Ansible Playbook Examples - Sample Ansible Playbooks | Devops Junction

In this post, we are going to see examples of Ansible playbook and various different modules and playbook examples with various modules and multiple hosts. We will start with a basic Ansible playbook and learn what is task and play and what is playbook etc.

Table of Contents

What is Ansible Playbook

It is a metaphor representing the configuration files of Ansible.  It contains a list of tasks  (plays) in an order they should get executed against a set of hosts or a single host based on the configuration specified.  Playbooks are written in YAML, in an easy human-readable syntax

You can consider ansible ad-hoc commands as shell commands and a playbook as a shell script. 

In this Shell script analogy, many shell commands put together in the form of shell script to perform a set of tasks and they also give us benefits like conditional statements, loops, functions etc.

Likewise, Ansible Playbooks are a group of ad-hoc commands with additional programming elements like loops, iterations, conditionals etc.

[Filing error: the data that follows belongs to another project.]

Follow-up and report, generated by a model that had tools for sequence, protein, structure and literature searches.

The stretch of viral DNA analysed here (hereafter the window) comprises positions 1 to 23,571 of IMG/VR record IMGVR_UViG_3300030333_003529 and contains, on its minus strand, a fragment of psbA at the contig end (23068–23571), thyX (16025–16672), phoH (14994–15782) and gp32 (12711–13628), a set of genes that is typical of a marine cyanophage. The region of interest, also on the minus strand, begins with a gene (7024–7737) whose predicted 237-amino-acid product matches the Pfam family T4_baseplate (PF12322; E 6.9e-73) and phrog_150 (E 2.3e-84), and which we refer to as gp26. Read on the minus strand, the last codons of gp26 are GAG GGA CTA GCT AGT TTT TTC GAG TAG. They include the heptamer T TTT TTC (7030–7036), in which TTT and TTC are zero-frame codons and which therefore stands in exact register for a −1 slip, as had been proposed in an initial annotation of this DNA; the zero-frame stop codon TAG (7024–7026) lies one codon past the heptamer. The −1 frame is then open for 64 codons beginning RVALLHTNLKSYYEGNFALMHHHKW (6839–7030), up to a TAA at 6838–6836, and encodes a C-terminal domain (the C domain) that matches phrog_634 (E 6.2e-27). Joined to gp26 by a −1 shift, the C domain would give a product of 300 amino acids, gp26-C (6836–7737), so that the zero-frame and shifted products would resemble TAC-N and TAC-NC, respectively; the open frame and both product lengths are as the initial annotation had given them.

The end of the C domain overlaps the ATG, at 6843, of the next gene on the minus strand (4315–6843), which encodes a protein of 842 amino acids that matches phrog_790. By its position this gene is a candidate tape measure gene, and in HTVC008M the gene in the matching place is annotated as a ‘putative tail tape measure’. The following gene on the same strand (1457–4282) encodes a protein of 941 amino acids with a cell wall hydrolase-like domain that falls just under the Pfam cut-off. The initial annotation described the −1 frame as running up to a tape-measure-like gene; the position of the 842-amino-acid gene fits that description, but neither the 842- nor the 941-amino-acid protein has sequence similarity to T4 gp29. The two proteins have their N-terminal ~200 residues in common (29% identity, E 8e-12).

Before writing a Playbook It is recommended that you have given a glance on the Ansible AD HOC Command how it works and how to execute them. You can read about Ansible AD HOC Command here

Simply put, If Ansible modules are the tools in your workshop, playbooks are your instruction manuals, and your inventory of hosts are your raw material.

If ansible ad hoc is suitable for quick and single task (or) Purpose,  ansible playbooks are ideal for projects and automation.

In a single playbook, you can see multiple modules and handlers are organized. In other words, this is called as Orchestration.

As an example. Let us consider you want to install an Apache Web server against multiple hosts. The following playbook would get it done for you.


Ansible Playbook Example

  - name: Playbook
    hosts: webservers
    become: yes
    become_user: root
      - name: ensure apache is at the latest version
          name: httpd
          state: latest
      - name: ensure apache is running
          name: httpd
          state: started